The small town of Austin, Indiana, made national headlines for an HIV outbreak tied to injection drug use two years ago.
Now, community in Scott County is making news for a different reason.
For the first time ever, the high school’s Dimensions show choir is heading to a national competition in Chicago later this month.
And Indiana Public Broadcasting's Barbara Brosher reports the theme of the show resonates with many of the students.
About 30 high school students slowly file onto the stage in Austin High School’s small auditorium. They face away from the audience until the first beats of their opening number plays. Then they turn around, seemingly transformed.
“I love being on stage,” says senior Courtney Neace. “Just because the people in the audience, I have no clue who half the people are. And, when they see me up there, they just think ‘Oh, she’s a really good performer.’ They don’t think about all of the struggles I’ve had to face in my life and all of the bad things that people know my family for.”
Neace is among the most animated in the group. Her face lights up with expression from the moment she hits the stage. For her, singing provides an escape.
“I lost my mom in 2012 to drugs. She was 29 years old.”
Neace’s past is well known around the small, rural community. But she doesn’t let it define her.
“We all have matters that are our demons, but when we’re on the stage nothing else matters but the music.”
“Everyone has issues outside of the stage,” says senior Kailey Fugate. “We all have matters that are our demons, but when we’re on the stage nothing else matters but the music.”
Those experiences made it easy for Choir Director Kathy Sego to come up with a theme for this year’s show.
Sego says many people outside of the community have pre-conceived notions about what the small town is like.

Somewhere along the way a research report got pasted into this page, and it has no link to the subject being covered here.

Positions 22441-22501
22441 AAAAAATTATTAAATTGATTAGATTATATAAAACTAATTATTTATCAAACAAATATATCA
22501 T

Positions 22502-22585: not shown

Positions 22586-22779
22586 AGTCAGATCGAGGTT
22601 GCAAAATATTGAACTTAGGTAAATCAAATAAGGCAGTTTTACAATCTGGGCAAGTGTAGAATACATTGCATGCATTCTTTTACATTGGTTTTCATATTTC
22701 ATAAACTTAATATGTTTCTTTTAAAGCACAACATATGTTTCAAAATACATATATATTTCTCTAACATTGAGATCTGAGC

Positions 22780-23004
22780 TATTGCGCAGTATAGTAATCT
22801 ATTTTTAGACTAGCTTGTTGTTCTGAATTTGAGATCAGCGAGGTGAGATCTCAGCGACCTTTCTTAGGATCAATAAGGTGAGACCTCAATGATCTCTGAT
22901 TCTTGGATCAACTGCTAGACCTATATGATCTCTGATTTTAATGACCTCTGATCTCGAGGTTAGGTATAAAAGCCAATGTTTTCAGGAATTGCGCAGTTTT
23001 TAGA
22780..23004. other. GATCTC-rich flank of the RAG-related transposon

They associate Austin with HIV, drugs and poverty.
That’s not the Austin she knows.
“That’s why kind of the theme is that we’re going to rise above everything that’s going on within our community and nothing is impossible,” Sego says. “We’re going to show everyone in the community and everybody else what Austin is and that nothing’s impossible.”
The students sing powerful lyrics about being “unstoppable” and not just becoming “another face in the crowd.”
Senior Jake Shadburn says the message in the lyrics resonates with him.
“We’re kind of here to say, that’s the bad part, but look at us,” Shadburn says. “We’re doing something great and why focus on the bad when you have something good like us?”
Choir Looking To Community For Support
Many Austin residents are excited about the show choir’s unprecedented success. Dimensions will compete at the Fame Show Choir National Championship Series in Chicago April 21 and 22.
But, it will cost them about $15,000 to attend the competition. That’s a lot of money for the small school, so they’re hosting a fundraising concert and asking people to donate online.
Many of the kids don’t have money of their own to pay for meals during the trip and few have visited Chicago before.
“I’ve never even been to Chicago and it just blows my mind that we’re getting this opportunity to go,” Neace says.
The students are rehearsing every day in preparation for the competition.
They say they're not focused on winning, just the fact they're invited to compete.
“We might not be number one, but I think to the community and people who know the show choir, we win,” Fugate says.